PLB : £4M Heritage Lottery Fund boost will see Northamptonshire heritage site open to the public- Creative design and consultancy for cultural and natural heritage

£4M Heritage Lottery Fund boost will see Northamptonshire heritage site open to the public

Northamptonshire County Council is preparing to bring to life thousands of years of Northamptonshire’s archaeology and heritage and make it accessible to the public, thanks to a Heritage Lottery Fund (HLF) boost and support from heritage design consultancy, PLB.

The PLB team has worked with the local authority on its second round HLF bid, which was awarded last week, giving the council just under £4 million to progress the Chester Farm scheme.


Chester Farm


PLB Projects Director, Sarah Oswald, says: “Chester Farm is an archaeologically and historically important site, covering 34 hectares, which includes a large area designated as a Scheduled Monument and a complex of Grade II and Grade II* listed buildings.

“Combining evidence of earthworks and finds from the Iron Age, through to a deserted Medieval village site and listed buildings representing a history of farming and settlement from the Medieval period through to the 20th century, this site offers a unique learning opportunity. It’s fantastic that the wheels can now be set in motion to provide public access to this wonderful resource.”

PLB worked in association with Northamptonshire County Council, Mace and Tourism UK to develop a scheme which will provide public access, balanced with an economically viable and long-term sustainable re-use of the buildings, which supports the whole site’s maintenance and management.

Having supported Chester Farm through a successful round one bid, PLB worked on activity planning and interpretive design for the round two application with the local authority.

Sarah Bridges, Archives and Heritage Services Manager at Northamptonshire County Council says, “This site contains evidence of human activity spanning ten thousand years, and has been home to communities over some two thousand years. Our vision is to make Chester Farm somewhere that people want to come; a place that, through education, learning and enjoyment, adds value to their lives, and helps them to appreciate Northamptonshire’s outstanding heritage.”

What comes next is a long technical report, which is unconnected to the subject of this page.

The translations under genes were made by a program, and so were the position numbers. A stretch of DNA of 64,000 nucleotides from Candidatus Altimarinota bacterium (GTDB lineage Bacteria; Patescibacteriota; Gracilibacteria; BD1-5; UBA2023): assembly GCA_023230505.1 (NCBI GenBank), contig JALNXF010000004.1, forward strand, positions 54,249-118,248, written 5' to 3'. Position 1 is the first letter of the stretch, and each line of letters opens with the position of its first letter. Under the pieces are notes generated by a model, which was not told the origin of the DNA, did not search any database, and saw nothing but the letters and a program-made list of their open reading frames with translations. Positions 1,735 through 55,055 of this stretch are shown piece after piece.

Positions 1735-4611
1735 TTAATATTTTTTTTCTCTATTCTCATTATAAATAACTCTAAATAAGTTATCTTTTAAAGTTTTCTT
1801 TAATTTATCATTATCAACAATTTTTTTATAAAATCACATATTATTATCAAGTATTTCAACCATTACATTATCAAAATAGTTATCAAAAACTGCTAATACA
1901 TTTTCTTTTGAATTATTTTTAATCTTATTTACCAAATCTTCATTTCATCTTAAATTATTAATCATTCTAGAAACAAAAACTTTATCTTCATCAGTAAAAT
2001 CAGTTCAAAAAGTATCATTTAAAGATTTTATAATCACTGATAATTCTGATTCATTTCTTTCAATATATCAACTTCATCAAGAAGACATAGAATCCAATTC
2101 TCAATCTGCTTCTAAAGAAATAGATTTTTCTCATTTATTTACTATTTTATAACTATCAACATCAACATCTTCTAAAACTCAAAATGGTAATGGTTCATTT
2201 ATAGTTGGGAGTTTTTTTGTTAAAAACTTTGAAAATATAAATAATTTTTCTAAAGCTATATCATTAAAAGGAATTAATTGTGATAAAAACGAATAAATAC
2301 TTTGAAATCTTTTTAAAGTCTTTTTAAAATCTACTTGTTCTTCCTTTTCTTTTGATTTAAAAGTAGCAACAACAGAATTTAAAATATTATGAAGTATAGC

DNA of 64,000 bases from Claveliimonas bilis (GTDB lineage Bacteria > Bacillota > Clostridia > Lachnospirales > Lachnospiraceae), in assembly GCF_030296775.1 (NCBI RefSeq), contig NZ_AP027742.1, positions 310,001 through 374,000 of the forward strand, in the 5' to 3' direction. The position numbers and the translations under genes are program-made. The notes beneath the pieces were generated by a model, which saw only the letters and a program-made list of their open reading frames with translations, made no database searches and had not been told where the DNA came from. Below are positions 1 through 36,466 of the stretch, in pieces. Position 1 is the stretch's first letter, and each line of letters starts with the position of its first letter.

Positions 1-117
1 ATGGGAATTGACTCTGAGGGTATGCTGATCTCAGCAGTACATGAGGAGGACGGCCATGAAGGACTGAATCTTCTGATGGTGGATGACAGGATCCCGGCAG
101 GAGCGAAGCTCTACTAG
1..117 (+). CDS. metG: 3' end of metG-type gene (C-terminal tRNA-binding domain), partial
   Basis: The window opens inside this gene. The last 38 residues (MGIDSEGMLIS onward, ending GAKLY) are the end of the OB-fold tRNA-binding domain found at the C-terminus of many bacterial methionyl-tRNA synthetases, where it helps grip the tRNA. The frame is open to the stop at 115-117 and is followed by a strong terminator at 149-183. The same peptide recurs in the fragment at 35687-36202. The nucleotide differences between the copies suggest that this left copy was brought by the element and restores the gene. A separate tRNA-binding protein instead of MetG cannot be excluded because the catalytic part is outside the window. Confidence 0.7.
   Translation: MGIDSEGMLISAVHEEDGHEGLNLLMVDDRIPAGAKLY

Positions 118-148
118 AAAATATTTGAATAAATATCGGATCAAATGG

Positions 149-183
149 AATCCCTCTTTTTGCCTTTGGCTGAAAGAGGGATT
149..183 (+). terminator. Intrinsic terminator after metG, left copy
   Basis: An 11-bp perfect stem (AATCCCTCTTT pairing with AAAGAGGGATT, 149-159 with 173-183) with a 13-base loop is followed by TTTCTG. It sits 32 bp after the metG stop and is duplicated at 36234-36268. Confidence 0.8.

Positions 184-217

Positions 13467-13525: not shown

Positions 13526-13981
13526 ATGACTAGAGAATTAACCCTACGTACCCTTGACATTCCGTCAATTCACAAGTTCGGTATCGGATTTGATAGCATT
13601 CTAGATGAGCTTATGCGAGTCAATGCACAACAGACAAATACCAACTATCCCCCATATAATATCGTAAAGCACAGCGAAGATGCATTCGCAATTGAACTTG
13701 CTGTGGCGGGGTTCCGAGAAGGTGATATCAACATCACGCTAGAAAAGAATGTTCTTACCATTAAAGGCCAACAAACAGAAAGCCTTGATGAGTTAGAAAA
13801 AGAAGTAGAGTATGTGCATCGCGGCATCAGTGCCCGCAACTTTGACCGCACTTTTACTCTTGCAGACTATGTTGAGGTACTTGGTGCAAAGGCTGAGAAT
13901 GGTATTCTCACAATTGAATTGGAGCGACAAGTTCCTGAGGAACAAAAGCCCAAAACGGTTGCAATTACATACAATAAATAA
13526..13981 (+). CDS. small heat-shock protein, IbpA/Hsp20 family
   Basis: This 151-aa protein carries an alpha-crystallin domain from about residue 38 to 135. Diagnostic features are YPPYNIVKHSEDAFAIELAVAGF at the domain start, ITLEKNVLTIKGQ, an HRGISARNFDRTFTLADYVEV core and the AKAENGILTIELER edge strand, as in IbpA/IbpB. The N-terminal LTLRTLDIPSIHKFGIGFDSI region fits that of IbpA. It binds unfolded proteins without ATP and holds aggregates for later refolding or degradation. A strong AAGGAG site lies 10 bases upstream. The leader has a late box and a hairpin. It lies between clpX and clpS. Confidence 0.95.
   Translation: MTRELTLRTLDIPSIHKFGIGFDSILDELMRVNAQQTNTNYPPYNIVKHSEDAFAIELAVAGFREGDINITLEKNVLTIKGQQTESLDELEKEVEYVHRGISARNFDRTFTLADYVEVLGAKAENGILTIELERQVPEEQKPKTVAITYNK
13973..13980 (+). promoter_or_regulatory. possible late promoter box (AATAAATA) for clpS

Evidence of occupation and activity on site include Mesolithic flint, evidencing activity by hunter-gathers; Iron Age settlements; a Roman walled town, including roads, temples, domestic and other buildings; a deserted Medieval village know as Chester–by–the-Water; a post-Medieval farm complex with a range of buildings dating from the 16/17th century through to the 20th century; and a tramway used for ironstone extraction in the late 19th and early 20th centuries.

The development of the site will include an Archaeological Resource Centre, bringing together all the archaeological artefacts owned by the county, district and borough councils together in one place for the first time.

“The Chester Farm project will open up the whole site to the public, and the intention is to develop it as somewhere you can learn more about the county’s fascinating history and heritage, with opportunities to join in educational or volunteering activities,” adds Sarah Bridges.

Posted 19th August 2013

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